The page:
When can the state imprison people without trial? That question lurks beneath many important civil rights issues of our time, including the constitutionality of coronavirus lockdowns, the “caging” of children by immigration authorities, the indefinite detention of enemy combatants at Guantanamo Bay, and the overcrowded jails in places like Ferguson, Missouri. We will examine these practices and the constitutional law that binds them together in the eyes of the law.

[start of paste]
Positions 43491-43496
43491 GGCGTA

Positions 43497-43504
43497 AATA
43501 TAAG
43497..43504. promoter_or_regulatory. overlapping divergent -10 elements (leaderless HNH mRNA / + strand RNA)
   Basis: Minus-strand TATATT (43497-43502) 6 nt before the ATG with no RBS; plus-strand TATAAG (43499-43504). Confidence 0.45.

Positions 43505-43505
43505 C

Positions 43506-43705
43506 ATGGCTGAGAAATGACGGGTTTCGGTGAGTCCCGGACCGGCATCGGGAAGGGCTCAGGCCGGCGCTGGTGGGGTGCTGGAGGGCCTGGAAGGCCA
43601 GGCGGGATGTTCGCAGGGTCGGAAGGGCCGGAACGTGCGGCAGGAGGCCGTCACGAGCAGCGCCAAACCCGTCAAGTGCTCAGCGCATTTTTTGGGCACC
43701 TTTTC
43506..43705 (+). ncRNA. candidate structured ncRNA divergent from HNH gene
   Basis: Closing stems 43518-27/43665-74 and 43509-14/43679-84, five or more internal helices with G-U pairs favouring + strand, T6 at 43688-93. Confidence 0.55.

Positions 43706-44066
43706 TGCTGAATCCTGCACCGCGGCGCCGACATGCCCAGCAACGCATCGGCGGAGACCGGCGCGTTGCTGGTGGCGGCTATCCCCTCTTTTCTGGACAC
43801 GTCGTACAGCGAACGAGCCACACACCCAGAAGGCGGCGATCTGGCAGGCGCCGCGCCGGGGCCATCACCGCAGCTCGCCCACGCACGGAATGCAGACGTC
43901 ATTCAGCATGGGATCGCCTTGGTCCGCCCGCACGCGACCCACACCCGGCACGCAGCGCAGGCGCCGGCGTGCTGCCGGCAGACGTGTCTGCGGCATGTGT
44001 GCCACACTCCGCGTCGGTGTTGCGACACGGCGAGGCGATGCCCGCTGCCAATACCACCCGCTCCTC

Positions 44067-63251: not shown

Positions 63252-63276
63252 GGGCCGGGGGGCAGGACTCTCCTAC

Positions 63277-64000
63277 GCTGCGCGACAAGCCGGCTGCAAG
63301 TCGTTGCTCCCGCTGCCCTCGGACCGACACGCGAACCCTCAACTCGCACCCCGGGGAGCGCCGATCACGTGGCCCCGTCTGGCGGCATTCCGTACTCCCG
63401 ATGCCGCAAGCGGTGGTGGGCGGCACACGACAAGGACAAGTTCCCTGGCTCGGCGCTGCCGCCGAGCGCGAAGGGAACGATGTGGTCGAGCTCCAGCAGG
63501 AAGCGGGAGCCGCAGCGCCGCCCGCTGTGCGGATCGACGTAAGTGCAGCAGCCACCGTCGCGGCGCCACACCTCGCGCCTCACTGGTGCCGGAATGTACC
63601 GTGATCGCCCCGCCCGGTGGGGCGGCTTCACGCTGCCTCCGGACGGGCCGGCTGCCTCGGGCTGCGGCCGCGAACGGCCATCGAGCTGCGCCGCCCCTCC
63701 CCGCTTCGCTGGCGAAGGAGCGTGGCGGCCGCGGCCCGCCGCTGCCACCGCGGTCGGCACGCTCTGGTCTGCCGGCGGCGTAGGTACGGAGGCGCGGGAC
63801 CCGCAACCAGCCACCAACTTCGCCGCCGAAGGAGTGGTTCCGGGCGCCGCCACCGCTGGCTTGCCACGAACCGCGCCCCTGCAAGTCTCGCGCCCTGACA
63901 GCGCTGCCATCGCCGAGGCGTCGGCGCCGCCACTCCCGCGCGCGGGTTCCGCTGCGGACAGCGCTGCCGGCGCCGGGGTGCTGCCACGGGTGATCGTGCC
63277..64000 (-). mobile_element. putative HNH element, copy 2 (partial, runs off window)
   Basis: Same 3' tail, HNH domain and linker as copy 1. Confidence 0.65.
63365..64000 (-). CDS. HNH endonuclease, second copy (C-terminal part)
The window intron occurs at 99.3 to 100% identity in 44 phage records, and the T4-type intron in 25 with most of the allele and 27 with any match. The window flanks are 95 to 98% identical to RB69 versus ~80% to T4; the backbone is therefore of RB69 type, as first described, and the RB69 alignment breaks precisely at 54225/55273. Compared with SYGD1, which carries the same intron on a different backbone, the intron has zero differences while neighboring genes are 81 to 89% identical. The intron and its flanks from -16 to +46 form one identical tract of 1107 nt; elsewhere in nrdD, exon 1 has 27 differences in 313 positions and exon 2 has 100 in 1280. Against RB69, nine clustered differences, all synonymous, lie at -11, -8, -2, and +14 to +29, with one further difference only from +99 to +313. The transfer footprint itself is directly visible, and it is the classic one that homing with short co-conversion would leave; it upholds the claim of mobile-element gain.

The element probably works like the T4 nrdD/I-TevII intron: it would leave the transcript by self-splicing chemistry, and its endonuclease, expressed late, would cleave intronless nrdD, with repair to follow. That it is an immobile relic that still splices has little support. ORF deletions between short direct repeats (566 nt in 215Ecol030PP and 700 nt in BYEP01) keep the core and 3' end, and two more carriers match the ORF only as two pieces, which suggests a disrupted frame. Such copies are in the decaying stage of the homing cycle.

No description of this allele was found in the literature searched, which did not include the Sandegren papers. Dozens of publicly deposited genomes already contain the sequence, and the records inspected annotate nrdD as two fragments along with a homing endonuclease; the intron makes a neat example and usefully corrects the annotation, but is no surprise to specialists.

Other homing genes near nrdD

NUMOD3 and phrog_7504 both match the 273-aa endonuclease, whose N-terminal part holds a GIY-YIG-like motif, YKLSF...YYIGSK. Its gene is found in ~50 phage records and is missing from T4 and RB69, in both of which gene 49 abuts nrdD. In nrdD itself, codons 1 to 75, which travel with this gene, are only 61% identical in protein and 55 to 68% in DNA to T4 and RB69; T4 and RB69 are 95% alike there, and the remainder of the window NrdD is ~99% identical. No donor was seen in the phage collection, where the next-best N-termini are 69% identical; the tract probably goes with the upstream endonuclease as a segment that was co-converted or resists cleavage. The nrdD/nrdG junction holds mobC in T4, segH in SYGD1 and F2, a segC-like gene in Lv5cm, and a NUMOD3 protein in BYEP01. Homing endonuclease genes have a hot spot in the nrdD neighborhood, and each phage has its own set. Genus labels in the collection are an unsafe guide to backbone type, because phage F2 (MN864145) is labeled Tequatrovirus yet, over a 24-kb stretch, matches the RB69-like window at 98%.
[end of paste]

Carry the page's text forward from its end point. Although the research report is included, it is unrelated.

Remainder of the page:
The course will begin with an overview of the legal principles involved whenever the state imprisons anyone, with a focus on the circumstances under which we might expect the law to allow imprisonment without the procedures utilized in the criminal process. We will then survey different types of imprisonment without trial. We will briefly cover several types in the first four weeks of the course - pre-trial detention, detention of people with mental illnesses, detention of people convicted of sex offenses, quarantines, and curfews. We will then more intensively study two types of preventive detention - immigration detention, and detention on national security grounds – spending four weeks on each. We will study these areas primarily by reading cases, though we will also read court filings, newspaper articles, argument transcripts, blog posts, and other materials that provide additional context. Each student will write three short (500-650 words) papers critiquing or defending arguments from one of the cases we have read, in the style of an appellate brief. Each student will also conduct one appellate oral argument and judge another. Argument and judging assignemnts will be randomly distributed out of a pool composed of the cases we will read for class.